Be that it as it may, for me, the phrase dōgyō ninin took on two additional meanings as well, a personal and political one: having recently lost the second of my parents, the rituals at each temple transformed into commemoration rituals. The ritual to be chanted at each temple is not unlike the one practitioners perform at a commemoration ritual. So, in some sense, the pilgrimage became a long way to say goodbye to my parents and the phrase “walking together, two people” meant that I was walking with them.
In another sense, the phrase “walking together, two people” echoed for me what Trinh Minh Ha referred to as “walking with the disappeared,” a pilgrimage that I have done more explicitly to, among other places, Dachau, Wounded Knee, Hiroshima, Sendai, and Nanjing—pilgrimages to and with the dispossessed, the voiceless who disappeared in the margins of history. As someone who grew up in post-war Germany and has lived in Germany, the United States, Japan, and Hong Kong, I am painfully aware of the trail of tears that we as humanity have left behind us. So when I walk seemingly alone for hours on the road to places of remembrance—temples are such places as is indicated by the seemingly omnipresent images of Jizō Bodhisattva, who is said to advocate on behalf of the dead to make them heard—I walk in the company of those who “disappeared.” Such a pilgrimage, to cite Trinh Minh Ha, “makes both talk and silence stained with shame” and returns “to just where one thinks one last knows.”****
During my pilgrimage, many people I met related to me, not as a foreigner, but as a pilgrim with whom they talked about the route, the experience, the loneliness, as well as snakes and boars. It was then that I realized, again in Trinh Minh Ha’s words: “Sometimes the mind freezes and the heart goes on fasting: name, nation, identity, citizenship disappear. Once I was a human.”***** This is at the core of pilgrimage, the rediscovery of our commonalities, our humanity, the way we humans actualize “buddha-nature,” when we are thrown back to the basics of sleeping, walking, eating, breathing, when, in the face of the divine, we remember our histories, we remember who we are and what we are, when all constructed identities and “glass curtains”***** disappear, when we remember: we are all human beings, actualizations of the Buddha.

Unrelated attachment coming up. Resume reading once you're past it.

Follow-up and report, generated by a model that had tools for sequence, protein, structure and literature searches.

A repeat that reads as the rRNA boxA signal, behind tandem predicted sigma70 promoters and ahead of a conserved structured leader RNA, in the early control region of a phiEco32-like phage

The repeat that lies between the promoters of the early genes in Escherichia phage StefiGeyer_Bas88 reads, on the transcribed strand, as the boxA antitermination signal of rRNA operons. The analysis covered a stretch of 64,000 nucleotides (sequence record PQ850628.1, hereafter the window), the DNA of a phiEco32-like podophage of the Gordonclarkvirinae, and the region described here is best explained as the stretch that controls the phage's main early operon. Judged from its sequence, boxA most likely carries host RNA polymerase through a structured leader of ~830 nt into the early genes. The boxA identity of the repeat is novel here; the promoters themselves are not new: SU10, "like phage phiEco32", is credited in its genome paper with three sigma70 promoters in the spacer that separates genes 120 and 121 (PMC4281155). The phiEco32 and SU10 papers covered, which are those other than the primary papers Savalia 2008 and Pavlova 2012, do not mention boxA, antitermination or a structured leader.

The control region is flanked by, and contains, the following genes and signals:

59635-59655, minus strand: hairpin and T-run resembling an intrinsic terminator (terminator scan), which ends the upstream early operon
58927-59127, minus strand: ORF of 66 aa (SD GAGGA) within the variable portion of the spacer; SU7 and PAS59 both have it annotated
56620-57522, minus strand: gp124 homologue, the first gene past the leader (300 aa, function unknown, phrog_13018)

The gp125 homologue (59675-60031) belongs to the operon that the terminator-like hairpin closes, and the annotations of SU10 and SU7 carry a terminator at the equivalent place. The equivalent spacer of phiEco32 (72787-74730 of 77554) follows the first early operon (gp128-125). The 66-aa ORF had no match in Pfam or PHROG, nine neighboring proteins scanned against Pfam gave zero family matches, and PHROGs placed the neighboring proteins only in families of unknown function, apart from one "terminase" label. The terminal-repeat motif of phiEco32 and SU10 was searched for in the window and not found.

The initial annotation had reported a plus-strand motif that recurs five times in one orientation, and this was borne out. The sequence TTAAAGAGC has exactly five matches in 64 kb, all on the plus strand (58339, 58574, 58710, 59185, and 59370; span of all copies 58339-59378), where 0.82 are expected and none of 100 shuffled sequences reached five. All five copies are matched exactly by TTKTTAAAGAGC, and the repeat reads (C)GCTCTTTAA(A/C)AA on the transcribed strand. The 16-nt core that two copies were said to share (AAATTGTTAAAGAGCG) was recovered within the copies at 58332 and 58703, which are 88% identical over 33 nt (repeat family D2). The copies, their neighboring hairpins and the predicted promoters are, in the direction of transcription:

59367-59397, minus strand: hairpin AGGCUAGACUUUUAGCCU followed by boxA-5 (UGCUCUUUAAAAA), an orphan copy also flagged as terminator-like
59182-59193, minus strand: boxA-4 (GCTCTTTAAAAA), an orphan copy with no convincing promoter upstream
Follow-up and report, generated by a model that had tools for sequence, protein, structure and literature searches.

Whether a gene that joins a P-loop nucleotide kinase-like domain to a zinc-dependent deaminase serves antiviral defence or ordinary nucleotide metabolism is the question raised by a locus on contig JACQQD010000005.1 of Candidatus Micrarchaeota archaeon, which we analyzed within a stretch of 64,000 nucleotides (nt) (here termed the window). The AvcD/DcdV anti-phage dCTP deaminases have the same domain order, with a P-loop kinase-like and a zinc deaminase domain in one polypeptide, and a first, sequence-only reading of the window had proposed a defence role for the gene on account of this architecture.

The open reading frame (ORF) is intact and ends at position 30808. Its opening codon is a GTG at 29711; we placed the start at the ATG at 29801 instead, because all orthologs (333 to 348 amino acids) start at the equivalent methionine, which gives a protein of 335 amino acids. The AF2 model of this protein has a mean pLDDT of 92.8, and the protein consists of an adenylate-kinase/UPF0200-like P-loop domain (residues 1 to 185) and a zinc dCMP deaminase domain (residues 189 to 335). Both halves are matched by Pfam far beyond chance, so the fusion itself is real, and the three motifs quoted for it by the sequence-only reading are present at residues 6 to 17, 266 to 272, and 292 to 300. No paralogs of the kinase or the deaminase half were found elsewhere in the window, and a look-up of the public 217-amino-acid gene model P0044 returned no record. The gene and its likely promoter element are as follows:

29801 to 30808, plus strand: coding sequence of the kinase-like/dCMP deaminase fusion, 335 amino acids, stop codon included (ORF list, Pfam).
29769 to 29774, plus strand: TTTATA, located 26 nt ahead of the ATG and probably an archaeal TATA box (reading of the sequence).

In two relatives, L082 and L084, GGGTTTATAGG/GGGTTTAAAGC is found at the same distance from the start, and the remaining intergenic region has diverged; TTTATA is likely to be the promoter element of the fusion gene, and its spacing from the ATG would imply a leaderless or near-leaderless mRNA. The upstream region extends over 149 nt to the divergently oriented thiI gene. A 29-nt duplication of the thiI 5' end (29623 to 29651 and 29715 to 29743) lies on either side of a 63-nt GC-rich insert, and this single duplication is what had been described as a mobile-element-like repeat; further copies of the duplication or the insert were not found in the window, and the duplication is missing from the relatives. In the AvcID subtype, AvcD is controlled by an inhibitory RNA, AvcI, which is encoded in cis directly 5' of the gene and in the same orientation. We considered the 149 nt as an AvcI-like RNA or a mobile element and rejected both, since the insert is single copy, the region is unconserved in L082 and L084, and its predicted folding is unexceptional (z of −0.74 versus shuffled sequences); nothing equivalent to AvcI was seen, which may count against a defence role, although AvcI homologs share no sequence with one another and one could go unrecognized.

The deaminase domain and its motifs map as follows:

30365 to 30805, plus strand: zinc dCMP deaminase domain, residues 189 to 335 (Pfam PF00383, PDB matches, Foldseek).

The experience of “enlightenment” that develops through the long practice of attunement can be best summarized in the words of Trinh Minh Ha:
Sometimes in unexpected turns of small and large events, a sickness of the system may help to chart new ground, bring out what lies dormant, and open one’s sight to what’s already always flowering within. From the muck and the mud, the lotus arises clean and pure.******
* Religion as Practice: The Shikoku Pilgrimage in Japan (BDG)
** Practice of Attunement: The Shikoku Pilgrimage (BDG)
*** Ōkubo, Dōshū, ed. 1969–70. Dōgen zenji zenshū (Complete Works of Zen Master Dōgen). Two volumes. Ed. Tokyo: Chikuma Shobō. [Abbr. DZZ].
**** DZZ 1:7.
***** Trinh Minh Ha. 2016. Lovecidal – Walking with the Disappeared. New York: Fordham University Press. 1.
***** J. J. Clarke. 1993. Jung and the East: A Dialogue with the Orient. New York: Routledge. 17.
****** Trinh Minh Ha. 2016. Lovecidal – Walking with the Disappeared. New York: Fordham University Press. 221.